The COP25, the 2019 Madrid Climate Change Conference begins on Monday, December 2nd and runs until December 13th. It takes place in Madrid, capital of Spain, after being displaced following the withdrawal of Brazil first after the election of its new president Jair Bolsonaro, notorious climateosceptic, then at the last minute of Chile, because of an unstable political and social situation.
This international conference organized by the United Nations is the 25th Conference of the Parties (COP), which brings together the signatory countries of the United Nations Framework Convention on Climate Change (UNFCCC).
Each year, participants in these conferences (196 countries plus the European Union, as well as environmental organizations) meet to decide on measures to be put in place to limit climate change worldwide. More binding and ambitious commitments to protect the planet should be made.
The watchword of this COP 25 is clearly the urgency.
A new report from the United Nations Environment Program (UNEP) warns that on the eve of a year in which countries will strengthen their climate commitments in Paris (COP21) unless global emissions of greenhouse gases will decrease by 7.6% per year between 2020 and 2030, the world will miss the opportunity to reach the target of +1.5 °C maximum by the end of the century of the Paris agreement on temperature.
UNEP’s annual report on greenhouse gas emissions indicates that, even if all unconditional commitments made under the Paris Agreement are met, temperatures are expected to increase by +3.2 °C, resulting in significant impacts, even larger and more destructive climatic conditions. The collective ambition must be multiplied by five from current levels to allow the necessary reductions over the next decade to reach the target of only +1.5 °C.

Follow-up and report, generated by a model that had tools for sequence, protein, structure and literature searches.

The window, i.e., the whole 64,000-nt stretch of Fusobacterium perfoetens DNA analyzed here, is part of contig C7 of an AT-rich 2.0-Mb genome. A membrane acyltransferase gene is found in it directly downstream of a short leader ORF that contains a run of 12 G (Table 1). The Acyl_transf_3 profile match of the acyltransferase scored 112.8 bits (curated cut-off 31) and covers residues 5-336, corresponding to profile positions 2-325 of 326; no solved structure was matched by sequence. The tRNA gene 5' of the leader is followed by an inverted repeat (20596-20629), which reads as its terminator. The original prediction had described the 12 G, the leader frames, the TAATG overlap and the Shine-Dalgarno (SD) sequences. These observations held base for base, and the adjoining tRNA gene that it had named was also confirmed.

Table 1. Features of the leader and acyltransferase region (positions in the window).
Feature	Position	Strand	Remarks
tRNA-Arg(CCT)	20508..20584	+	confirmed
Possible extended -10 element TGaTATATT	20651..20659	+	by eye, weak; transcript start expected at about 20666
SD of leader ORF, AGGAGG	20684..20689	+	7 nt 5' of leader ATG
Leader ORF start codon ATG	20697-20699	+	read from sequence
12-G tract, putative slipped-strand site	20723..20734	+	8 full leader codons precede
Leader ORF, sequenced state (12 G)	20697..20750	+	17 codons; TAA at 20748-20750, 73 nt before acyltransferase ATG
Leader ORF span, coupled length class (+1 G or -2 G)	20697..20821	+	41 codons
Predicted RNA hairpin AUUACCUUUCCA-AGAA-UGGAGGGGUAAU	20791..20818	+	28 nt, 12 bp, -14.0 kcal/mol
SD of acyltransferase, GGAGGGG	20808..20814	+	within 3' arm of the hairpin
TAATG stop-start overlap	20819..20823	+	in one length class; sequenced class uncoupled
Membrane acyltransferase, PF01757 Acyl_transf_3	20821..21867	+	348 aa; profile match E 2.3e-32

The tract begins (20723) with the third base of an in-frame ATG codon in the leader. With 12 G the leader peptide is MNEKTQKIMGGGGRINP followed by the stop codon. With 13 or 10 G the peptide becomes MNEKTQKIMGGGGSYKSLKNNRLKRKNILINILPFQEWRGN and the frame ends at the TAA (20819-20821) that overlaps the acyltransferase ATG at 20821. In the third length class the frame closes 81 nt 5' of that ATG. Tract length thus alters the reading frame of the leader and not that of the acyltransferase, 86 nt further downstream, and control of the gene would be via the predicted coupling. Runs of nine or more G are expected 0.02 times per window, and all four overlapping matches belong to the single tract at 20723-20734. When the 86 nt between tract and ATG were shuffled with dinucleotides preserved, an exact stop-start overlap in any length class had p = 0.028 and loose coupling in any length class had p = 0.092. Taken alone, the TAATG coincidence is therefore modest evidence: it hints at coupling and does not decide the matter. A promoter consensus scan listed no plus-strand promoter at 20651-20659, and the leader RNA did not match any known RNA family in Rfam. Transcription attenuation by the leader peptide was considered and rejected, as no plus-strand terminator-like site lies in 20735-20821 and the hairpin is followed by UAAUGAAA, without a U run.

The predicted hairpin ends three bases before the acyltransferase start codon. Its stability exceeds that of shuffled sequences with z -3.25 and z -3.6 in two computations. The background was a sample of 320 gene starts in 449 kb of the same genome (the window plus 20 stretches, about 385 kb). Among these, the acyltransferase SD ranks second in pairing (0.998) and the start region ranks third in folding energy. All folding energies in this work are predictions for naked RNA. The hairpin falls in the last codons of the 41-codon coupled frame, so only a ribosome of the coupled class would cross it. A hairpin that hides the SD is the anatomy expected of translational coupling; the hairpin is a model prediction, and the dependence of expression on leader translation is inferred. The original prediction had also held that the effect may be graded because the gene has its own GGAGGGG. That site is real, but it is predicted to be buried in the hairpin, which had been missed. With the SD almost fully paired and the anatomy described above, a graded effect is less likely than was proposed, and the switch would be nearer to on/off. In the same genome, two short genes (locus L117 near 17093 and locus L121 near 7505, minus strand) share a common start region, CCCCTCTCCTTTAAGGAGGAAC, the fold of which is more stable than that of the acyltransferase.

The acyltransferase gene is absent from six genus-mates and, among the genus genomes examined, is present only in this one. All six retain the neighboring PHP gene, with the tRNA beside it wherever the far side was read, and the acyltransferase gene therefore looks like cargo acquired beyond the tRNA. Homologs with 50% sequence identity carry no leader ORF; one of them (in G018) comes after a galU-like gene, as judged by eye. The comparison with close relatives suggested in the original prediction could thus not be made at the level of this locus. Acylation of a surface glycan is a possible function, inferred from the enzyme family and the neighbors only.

2020 is a crucial year for climate action, the United Nations Climate Change Conference in Glasgow, United Kingdom (COP26 at the end of 2020), which aims to determine the future direction of efforts to prevent crises and climate change, and the countries to significantly strengthen their climate commitments.
The G20, the most industrialized countries, collectively account for 78% of all emissions, but only five G20 members are committed to a long-term zero emission goal.
In the short term, developed countries will need to reduce their emissions faster than developing countries, for equity reasons. However, all countries will have to contribute more to collective efforts. Developing countries can benefit from successful efforts in developed countries; they can even surpass them and adopt cleaner technologies at a faster pace.
It is crucial to note that the report indicates that all nations must significantly increase their ambitions in their Nationally Determined Contributions (NDCs), as are the Paris Commitments, in 2020, and follow the policies and strategies to put them in place. Solutions are possible to achieve the Paris objectives, but they are not deployed quickly enough or on a large scale.
Each year, the emissions gap report assesses the gap between projected emissions in 2030 and the target levels of +1.5 °C and +2 °C in the Paris Agreement. The report finds that greenhouse gas emissions have increased by 1.5% per year over the last decade. Emissions in 2018, resulting in particular from land-use changes, such as deforestation, reached a new peak of 55.3 billion tonnes of CO2 equivalent.
To limit temperatures, the annual emissions in 2030 must be 15 billion tonnes of CO2 equivalent less than the current NDCs without conditions for the target of +2 °C; to reach the goal of +1.5 °C, they must be 32 billion tons lower. On an annual basis, this means emission reductions of 7.6% per year between 2020 and 2030 to reach the target of +1.5 °C and 2.7% per year for the target of +2 °C.
In fact, we are far from it.